Hereditary Angioedema (HAE) is a rare genetic condition that is potentially life-threatening and occurs in about 1 in 30,000 to 1 in 50,000 people. Symptoms include recurrent episodes of edema (swelling) in various parts of the body including hands, feet, abdominal and airway. Additionally, patients experience excruciating abdominal pain, nausea and vomiting during episodes of swelling in the intestinal wall. Severity of attacks vary greatly, swelling of the airway is particularly dangerous and can be fatal.
Patients with HAE have a defect in a gene that regulates a protein that is present in the bloodstream, called C1 inhibitor protein. This protein is normally involved in regulating blood-systems involved in inflammatory response and coagulation. A defect in the gene may lead to a non-functional C1 inhibitor protein or inadequate production of the protein, and results in a biochemical imbalance causing fluid to be released from capillaries into surrounding tissue and thus causing episodes of edema.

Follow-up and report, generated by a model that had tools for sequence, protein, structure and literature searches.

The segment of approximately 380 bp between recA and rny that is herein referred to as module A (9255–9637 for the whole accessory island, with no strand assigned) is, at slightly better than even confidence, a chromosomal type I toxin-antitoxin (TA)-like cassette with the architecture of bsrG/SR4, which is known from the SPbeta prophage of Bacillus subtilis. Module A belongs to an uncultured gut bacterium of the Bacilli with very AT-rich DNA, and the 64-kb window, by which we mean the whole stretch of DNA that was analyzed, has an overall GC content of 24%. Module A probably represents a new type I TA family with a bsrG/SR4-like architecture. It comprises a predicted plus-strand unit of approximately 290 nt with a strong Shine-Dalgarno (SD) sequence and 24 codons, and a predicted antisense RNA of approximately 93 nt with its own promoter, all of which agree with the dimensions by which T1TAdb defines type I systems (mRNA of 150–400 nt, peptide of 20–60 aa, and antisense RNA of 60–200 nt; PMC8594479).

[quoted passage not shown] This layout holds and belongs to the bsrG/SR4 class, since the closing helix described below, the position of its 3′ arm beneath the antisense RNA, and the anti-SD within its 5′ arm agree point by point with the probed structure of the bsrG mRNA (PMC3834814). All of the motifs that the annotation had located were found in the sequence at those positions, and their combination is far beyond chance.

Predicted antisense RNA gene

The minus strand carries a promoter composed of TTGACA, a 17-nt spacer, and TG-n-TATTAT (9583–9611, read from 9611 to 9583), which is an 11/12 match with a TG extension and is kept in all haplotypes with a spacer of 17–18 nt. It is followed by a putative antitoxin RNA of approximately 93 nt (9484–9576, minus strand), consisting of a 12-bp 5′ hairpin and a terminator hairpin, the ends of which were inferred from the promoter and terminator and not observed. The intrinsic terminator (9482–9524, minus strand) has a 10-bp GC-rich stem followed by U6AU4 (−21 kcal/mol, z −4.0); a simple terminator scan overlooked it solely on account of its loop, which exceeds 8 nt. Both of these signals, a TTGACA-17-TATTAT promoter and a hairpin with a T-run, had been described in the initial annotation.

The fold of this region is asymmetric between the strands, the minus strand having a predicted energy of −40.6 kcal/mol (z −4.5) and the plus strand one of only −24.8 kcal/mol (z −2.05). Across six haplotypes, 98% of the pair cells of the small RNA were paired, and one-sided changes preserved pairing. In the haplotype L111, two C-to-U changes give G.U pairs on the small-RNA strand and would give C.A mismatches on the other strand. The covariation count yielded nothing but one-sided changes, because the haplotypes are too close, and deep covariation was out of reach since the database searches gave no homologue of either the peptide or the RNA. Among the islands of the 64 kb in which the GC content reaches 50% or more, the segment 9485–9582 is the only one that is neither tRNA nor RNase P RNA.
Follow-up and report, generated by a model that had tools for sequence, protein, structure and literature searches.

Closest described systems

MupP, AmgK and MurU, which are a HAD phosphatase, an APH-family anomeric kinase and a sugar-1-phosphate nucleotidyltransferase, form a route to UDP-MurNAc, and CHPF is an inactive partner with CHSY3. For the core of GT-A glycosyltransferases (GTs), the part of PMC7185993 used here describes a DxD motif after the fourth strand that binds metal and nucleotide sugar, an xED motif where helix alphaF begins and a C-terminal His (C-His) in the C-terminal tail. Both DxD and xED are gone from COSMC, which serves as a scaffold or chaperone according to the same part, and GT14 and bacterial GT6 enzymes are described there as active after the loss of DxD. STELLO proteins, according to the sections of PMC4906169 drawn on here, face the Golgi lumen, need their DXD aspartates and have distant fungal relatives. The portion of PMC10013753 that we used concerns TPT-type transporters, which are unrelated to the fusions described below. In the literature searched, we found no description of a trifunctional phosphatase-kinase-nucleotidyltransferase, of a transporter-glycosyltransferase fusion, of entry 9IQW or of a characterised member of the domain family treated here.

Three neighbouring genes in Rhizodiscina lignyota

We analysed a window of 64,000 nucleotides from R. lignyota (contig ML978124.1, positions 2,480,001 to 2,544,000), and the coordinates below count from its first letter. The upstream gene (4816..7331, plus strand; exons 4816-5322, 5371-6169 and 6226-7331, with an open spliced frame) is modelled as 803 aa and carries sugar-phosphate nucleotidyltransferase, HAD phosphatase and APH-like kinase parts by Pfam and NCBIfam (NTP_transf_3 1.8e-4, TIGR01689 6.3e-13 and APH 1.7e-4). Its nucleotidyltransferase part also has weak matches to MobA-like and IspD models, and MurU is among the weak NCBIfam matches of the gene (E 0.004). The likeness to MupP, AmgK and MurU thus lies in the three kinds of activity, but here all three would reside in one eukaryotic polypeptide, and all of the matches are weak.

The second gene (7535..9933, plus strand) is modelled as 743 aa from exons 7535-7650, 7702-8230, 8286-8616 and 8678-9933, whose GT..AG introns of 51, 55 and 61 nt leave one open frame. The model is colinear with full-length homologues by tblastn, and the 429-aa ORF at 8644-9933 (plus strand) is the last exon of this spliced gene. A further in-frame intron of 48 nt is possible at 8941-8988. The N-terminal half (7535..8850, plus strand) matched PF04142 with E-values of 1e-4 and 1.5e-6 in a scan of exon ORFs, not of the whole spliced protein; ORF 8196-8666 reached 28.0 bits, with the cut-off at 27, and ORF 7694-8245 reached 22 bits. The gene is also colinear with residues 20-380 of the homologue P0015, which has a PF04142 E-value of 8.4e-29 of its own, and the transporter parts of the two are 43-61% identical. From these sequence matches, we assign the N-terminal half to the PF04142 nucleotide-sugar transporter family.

HAE is passed on in families as it is hereditary. A child of an HAE parent has a 50 percent possibility of inheriting the condition, however, there are many cases where patients have the disease due to a spontaneous mutation in a gene, in these cases there is no previous family history. Due to HAE being a very rare condition, patients may go years without diagnosis or treatment as symptoms of HAE are often misdiagnosed.